“He granted the Kingdom of Saudi Arabia the two strategic islands of Tiran and Sanafir, which controlled the entrance to the Gulf of Aqaba in the Red Sea. Although he claimed that these territories belonged to the Kingdom of Saudi Arabia, this is proven to be false.”
“Additionally, Sisi has abandoned Egyptian gas fields including the Leviathan gas field in its Eastern Mediterranean territories, which is now Israeli controlled.”
Many of these agreements have resulted in the waning personal popularity of Sisi. The military, however, has always been prepared to sacrifice one of its own if it should mean preserving the wider institution, says Sami Hamdi, a Middle East analyst based in London.
“The army is still the winner. The policy of the army has always been that when the heat increases on the institution, they sacrifice the public face and replace him with another, creating a sense of separation between the ‘leadership’ and the ‘army’ which, in real terms, does not actually exist,” he said speaking to TRT World.
Sisi is acutely aware of the possibility of this, and it may give some explanation as to the way he has regularly quashed any sign of opposition to him in the military.
‘No credible alternative’
In the aftermath of 2011, when former President Mubarak was toppled, a plethora of political alternatives emerged that appealed to different cross sections of Egyptian society. After taking power, Sisi has made no qualms of going after anyone who may threaten his grip on Egypt. He has become the last man standing in a bleak political environment.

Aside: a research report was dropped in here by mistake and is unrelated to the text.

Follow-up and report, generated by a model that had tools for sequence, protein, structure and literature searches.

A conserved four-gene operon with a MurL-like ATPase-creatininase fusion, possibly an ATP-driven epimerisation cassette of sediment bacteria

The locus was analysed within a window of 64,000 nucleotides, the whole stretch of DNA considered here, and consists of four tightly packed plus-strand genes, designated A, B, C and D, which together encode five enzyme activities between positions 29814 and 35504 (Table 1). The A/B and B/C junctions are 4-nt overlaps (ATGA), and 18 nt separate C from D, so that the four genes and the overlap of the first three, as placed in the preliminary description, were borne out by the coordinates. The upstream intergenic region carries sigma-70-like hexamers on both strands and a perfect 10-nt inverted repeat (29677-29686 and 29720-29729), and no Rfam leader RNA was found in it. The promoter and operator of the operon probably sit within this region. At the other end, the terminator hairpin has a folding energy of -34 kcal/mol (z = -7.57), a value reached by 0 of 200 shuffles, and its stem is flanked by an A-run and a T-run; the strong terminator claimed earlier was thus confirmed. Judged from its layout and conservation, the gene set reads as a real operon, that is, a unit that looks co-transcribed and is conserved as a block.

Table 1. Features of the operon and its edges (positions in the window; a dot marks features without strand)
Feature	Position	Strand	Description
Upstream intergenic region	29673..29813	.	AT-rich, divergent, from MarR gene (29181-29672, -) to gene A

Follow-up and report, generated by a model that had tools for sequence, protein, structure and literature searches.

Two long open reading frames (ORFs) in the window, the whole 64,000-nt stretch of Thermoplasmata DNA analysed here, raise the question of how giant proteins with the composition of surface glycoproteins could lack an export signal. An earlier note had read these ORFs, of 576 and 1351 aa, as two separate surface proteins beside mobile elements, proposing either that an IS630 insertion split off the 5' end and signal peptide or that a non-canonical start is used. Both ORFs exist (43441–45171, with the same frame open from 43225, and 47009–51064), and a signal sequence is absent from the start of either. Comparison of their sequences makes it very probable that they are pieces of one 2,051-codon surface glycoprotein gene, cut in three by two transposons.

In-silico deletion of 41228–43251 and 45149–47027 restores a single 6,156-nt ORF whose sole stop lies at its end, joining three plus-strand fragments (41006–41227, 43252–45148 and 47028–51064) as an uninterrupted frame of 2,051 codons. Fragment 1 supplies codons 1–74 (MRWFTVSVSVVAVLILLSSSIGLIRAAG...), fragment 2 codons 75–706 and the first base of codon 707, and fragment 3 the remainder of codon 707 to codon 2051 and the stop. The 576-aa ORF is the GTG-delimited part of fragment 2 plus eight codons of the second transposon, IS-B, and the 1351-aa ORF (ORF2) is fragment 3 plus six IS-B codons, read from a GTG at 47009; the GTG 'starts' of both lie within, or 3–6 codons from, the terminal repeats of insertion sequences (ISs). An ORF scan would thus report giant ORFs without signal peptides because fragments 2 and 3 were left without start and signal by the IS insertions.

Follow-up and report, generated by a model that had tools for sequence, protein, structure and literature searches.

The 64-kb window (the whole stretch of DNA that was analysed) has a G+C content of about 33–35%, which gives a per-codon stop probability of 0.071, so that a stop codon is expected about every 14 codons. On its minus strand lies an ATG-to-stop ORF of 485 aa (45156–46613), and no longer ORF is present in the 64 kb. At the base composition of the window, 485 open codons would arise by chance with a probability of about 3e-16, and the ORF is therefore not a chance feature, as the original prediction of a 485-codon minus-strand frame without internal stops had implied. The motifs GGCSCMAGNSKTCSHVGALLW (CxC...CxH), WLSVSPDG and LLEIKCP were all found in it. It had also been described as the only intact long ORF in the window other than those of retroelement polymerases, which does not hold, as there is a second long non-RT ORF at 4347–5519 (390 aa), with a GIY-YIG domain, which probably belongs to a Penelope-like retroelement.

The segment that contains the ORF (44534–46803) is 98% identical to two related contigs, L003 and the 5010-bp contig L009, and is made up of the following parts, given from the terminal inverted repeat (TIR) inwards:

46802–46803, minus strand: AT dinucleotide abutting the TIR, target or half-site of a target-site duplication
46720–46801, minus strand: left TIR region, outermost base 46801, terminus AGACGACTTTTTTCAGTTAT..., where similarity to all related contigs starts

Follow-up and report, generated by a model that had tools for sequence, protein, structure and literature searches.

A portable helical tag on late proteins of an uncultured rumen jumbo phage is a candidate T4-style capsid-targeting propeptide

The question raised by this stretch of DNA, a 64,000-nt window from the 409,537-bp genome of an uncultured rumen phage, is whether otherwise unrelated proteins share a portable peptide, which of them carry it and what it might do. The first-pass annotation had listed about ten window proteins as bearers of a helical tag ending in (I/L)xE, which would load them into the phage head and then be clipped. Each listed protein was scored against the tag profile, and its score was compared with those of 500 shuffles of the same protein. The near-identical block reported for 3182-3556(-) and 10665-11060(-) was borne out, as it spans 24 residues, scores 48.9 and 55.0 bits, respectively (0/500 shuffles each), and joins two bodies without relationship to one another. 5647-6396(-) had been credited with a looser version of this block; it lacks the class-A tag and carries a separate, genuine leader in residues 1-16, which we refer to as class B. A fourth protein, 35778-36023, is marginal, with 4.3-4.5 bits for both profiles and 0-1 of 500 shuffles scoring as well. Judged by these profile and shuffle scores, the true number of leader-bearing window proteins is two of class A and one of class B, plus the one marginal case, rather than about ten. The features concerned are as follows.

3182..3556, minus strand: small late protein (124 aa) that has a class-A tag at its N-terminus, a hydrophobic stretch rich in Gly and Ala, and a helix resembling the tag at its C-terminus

“While many lament the current economic situation and the political crackdown, there is a perception that there is no credible alternative,” says Hamdi.
“The Muslim Brotherhood no longer enjoy the support they once did and appear a spent force even in the eyes of sympathisers within Egypt. The liberals are seen as indecisive after having supported Sisi’s coup only to reverse course and insist on freedoms and democratic processes,” added Hamdi.
Sisi’s grip on power rests on an unstable cocktail of fear that the country is threatened from abroad; internal polarisation; and the drumbeat of jingoistic nationalism extolling the virtues of the Egyptian nation.
“For a population historically used to leading the way...a sense of nationalist superiority that has proven to be effective in maintaining enough support for the army to remain in power for decades,” adds Hamdi.
The Egyptian army’s direct assumption of power doesn’t come without risk to its long term authority and standing, while also exposing Sisi’s governing failures.
Scenes of uniformed soldiers selling subsided cucumbers and cooking oil on the side of the road may show that the military is there when the people need it, but it’s also crowding commercial enterprise.
"We are facing a military institution which has a clear political dimension and started ruling directly after the 2013 coup and since that day and for the last seven years until now we have been facing an expanding institution which is growing at an unimaginable and unprecedented rate in the sphere of economics,” said Ayman Nour, one of Egypt’s few political centrists and currently in self-imposed exile in Istanbul.
“The army is one of the institutions that the Egyptian people view with respect for a long time,” added Nour speaking to TRT World, however, with the hand of the military increasingly pervasive in society the time may come where it is blamed for the increasing problems in the seemingly unruly country.
“Over the coming years in the next phase, I see a diminishment in terms of the political role of the army. This experience has been painful and negative and ultimately hurts the image of the army,” added Nour.
What that means for the shaky hold Sisi has on Egypt, is anyone's guess.